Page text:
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Among all the hardware components that make up an electric guitar, few have more of an influence on playability than the guitar’s bridge and tailpiece.
When you consider tuning stability, action, intonation, and scale length, the bridge plays an essential role.
If you are new to guitar, the bridge is the metallic component, fixed to the guitar body, located toward the bottom of the guitar.
Electric Guitar Bridge
The strings of the guitar span the distance between the nut (the bone or synthetic component at the end of your guitar’s neck) and the bridge.
In the case of an acoustic guitar, the bridge enables the vibrations from the strings to be transferred to the larger surface area of the guitar’s body resulting in the projection of sound.
In the case of the electric guitar, the vibrations from the strings create a disturbance to the electromagnetic field created by the pickups which are then converted to an electrical signal resulting in sound.
Provided the tension on the strings is consistent, aspects such as pitch, sustain, and tone remains consistent, in line with the force being applied, provided all other aspects remain equal.
As the bridge is the last point of contact for the strings it plays an essential role in maintaining string tension. In simple terms, if your bridge isn’t structurally sound, your guitar will be virtually unplayable.
A tremolo bridge allows the guitarist to alter the pitch of the notes played by using a tremolo bar to pitch the bridge forward or backward.
Shouldn’t Tremolo Bridges be called Vibrato Bridges?
Technically they should.
This, despite the fact that using a tremolo bar adjusts pitch which is known as vibrato, whereas tremolo adjusts dynamic range e.g. the difference between the lowest and highest point of volume.
How do they work?
The primary purpose of a tremolo bridge is to adjust the pitch of the notes being played, either up or down. This requires the ability to manipulate the tension on the guitar strings.
In the case of a tremolo bridge, this is done by designing a bridge that can be pitched forward or back to loosen or increase tension on the strings. As a result tremolo bridges are usually fixed to the guitar on the front-facing edge with the remaining area of the bridge floating above the guitar body.
This type of design does, however, create problems when it comes to tuning stability. To address this, the majority of tremolo bridges function by using a spring (or springs) to maintain tension on the bridge (allowing the guitar to return to tune after the tremolo bar is released), while counteracting the movement of the bridge as controlled by the tremolo bar.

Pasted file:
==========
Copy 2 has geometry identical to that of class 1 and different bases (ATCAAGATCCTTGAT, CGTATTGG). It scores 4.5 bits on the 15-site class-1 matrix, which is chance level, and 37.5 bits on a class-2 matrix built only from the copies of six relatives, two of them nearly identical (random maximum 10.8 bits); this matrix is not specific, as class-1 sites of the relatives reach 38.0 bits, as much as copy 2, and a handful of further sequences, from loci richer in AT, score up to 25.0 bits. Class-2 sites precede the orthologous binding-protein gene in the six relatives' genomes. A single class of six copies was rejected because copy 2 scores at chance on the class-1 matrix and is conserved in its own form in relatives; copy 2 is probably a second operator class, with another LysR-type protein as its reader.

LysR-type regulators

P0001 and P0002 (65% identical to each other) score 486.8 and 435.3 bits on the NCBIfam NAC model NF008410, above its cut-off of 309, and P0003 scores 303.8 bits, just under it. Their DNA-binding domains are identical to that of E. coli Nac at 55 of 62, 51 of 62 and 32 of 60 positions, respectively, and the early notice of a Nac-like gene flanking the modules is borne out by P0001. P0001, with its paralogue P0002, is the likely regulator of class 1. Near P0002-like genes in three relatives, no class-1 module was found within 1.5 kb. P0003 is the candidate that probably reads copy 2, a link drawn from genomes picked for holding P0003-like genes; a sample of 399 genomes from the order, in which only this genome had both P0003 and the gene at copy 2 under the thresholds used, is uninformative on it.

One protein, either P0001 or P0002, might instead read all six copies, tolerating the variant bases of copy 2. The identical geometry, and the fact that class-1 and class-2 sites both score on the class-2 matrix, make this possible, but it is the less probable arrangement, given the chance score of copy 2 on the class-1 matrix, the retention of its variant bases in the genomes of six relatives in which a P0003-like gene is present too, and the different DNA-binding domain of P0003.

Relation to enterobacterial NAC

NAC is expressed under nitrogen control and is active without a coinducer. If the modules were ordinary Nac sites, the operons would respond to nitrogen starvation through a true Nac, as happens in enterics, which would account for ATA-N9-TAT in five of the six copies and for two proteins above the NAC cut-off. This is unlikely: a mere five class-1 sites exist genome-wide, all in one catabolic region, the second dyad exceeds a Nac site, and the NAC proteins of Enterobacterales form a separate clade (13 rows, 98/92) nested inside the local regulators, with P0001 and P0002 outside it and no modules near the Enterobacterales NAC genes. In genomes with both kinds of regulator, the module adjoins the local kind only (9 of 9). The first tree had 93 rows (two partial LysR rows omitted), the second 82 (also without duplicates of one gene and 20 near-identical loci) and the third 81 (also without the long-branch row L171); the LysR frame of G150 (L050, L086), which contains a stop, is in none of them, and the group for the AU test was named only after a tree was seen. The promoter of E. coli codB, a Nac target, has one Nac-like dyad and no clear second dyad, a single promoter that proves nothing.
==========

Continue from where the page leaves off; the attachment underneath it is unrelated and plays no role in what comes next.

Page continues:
Despite this fact, hardtail bridges are considered superior with regard to tuning stability, however, the trade-off is they do not allow the string tension to be adjusted.
While fixed bridges don’t allow the same level of functionality as a tremolo bridge. Many guitarists, (including myself) prefer a fixed design.
Hardtail or fixed bridges come in either string through (the strings run through the body from top to bottom, also known as wraparound) or are top-loading, meaning the ends of the strings are locked in place at the rear of the bridge rather than in ferrules on the underside of the guitar body.
String-through guitars are credited with better tuning stability and generally offer better sustain due to the body absorbing much of the vibration from the strings. This is often employed in bass guitar design also due to the even higher tension demands placed on the bridge due to the heavier gauge strings.
Fixed bridges, while not as varied as tremolo bridges also come in a number of different designs which I have listed below.
As you can see, the electric guitar bridge design is far more sophisticated than most people probably realize. And, while there are variations, in the case of DIY kit guitars the bridges listed above are the most likely you will encounter.
In the majority of cases, the choice of the bridge goes hand in hand with the design considerations of the guitar and is complementary to the tone and design of the guitar.
Keep in mind, however, much like electric guitar pickups, the bridge is just one component. And, while bridge design plays a significant role in terms of playability electric guitars are designed holistically and much of what we take for granted in regard to design has been carefully considered for maximum benefit, both tonally and from a playability perspective.
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